Using frameworks in iPhone applications

by Tim Wood on October 1, 2008

Now that the iPhone NDA is being lifted, we can share a few of the lessons we've learned while working with the SDK.

Since OmniFocus makes extensive use of the Omni Frameworks, one of the very first challenges we hit when starting with the SDK was how to structure our source and Xcode projects so that we could re-use some of our battle-tested common code between OmniFocus on the Mac and on the iPhone. Some people like splitting up their source into frameworks and some don't. That's all good, but on the iPhone 3rd party developers have no supported way to build their own frameworks.

Many limitations also come with a benefit, and in this case it is smaller application packages. A framework may include classes or categories that are used in several clients, but not all of them. On the iPhone, we want fast downloads from the App Store (possibly over the cell network) and we want fast startup times. Both of these require us to not bloat our executable with code not specifically used by our app.

Given that we can't use real frameworks bundles, we need to directly include our framework source in our iPhone project. I'll describe an approach that's worked well for us and might suit you too.

First, we want to be sure that we don't pick up any extra headers that we didn't intend to use. For example, if our OmniFoundation NSSet category imports another extension header, we want to be sure that we consider that change rather than just letting the dependency creep in (if nothing else, we need to build the corresponding .m file). One approach that helps with this is to use <…> instead of “…” imports, so we have:

#import

This ensures that Xcode finds our header from a “public” location rather than finding it relative to the file being compiled. Now, if we do have an internal header that shouldn't be published, we can leave it in an “…” import, but we have to take care to add those .m files to the target.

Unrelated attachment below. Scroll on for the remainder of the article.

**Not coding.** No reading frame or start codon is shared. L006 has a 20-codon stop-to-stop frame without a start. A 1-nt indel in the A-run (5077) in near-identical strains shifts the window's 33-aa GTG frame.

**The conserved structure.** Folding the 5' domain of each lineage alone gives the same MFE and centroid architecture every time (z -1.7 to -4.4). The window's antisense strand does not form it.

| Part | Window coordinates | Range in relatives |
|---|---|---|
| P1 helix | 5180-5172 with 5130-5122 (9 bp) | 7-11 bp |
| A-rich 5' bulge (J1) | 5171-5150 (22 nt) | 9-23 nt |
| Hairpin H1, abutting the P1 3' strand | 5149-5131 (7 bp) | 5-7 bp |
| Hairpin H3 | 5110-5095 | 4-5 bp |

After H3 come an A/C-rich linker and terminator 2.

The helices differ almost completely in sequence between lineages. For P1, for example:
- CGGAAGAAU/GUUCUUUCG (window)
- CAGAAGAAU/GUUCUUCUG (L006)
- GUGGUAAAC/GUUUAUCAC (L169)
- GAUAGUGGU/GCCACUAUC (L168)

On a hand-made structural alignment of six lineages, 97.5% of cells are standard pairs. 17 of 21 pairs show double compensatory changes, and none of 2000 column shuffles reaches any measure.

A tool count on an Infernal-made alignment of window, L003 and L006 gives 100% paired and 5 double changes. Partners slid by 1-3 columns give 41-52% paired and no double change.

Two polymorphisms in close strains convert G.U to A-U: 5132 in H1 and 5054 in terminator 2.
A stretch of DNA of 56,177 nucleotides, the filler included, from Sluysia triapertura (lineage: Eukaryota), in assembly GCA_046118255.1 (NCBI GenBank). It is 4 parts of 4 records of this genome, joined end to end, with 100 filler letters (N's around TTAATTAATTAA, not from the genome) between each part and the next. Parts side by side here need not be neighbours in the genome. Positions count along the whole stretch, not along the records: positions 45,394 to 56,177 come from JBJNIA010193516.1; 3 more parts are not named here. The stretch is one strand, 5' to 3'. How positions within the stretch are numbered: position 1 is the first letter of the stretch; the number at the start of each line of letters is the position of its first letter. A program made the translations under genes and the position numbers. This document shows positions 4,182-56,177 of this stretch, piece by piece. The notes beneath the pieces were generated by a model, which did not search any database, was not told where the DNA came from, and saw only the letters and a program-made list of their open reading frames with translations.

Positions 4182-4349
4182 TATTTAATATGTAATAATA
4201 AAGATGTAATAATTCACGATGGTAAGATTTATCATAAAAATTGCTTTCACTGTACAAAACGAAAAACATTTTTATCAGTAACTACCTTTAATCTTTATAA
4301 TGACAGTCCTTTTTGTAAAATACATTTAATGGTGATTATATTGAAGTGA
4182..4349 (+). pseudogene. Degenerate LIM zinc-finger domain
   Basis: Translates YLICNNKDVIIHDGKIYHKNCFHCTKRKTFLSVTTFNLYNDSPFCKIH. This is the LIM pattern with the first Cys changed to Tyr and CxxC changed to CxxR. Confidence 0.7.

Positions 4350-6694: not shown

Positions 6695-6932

Second, we want to “publish” the headers for the public headers necessary to build the subset of the framework we'll be using. We accomplish this with a sequence of Build Phases in our OmniFocus target in Xcode:

OmniFocus for iPhone Target List.png


The first interesting phase, Create Header Directories, gives us a place in our build area for the headers:

FRAMEWORK_HEADER_BASE="$DERIVED_SOURCES_DIR/FrameworkHeaders"

mkdir -p "$FRAMEWORK_HEADER_BASE"

mkdir -p "$FRAMEWORK_HEADER_BASE"/OmniBase

mkdir -p "$FRAMEWORK_HEADER_BASE"/OmniFoundation

mkdir -p "$FRAMEWORK_HEADER_BASE"/XMLData

mkdir -p "$FRAMEWORK_HEADER_BASE"/OmniFocusModel

mkdir -p "$FRAMEWORK_HEADER_BASE"/OODataTypes

mkdir -p "$FRAMEWORK_HEADER_BASE"/OmniDataObjects


Then, for each “framework” we have a Copy Files build phase that is set to copy to the header directory in question. For example, Copy OmniBase Headers looks like:

Copy OmniBase Headers.png


Finally, we need to let Xcode find the headers when it builds our target. Opening the Target Info editor for our iPhone app, we can double-click the Header Search Path entry and add the top level FrameworkHeaders directory:

Header Search Path.png


Now we can add just the framework headers and source files we need to our iPhone project. Each “public” header can then be dragged into the appropriate Copy Files build phase for installation during builds.

This isn't the end of the road, but it is a good start. Other issues involve making sure that your NSError domain strings aren't dependent on your bundle identifier (since on the Mac they'll be in different bundles and on the iPhone not), resource location (again, due to the one bundle vs. many difference on the platforms), and generating strings files when your sources are spread around (there are a couple scripts floating around for doing this; once we clean ours up we'll hopefully publish it).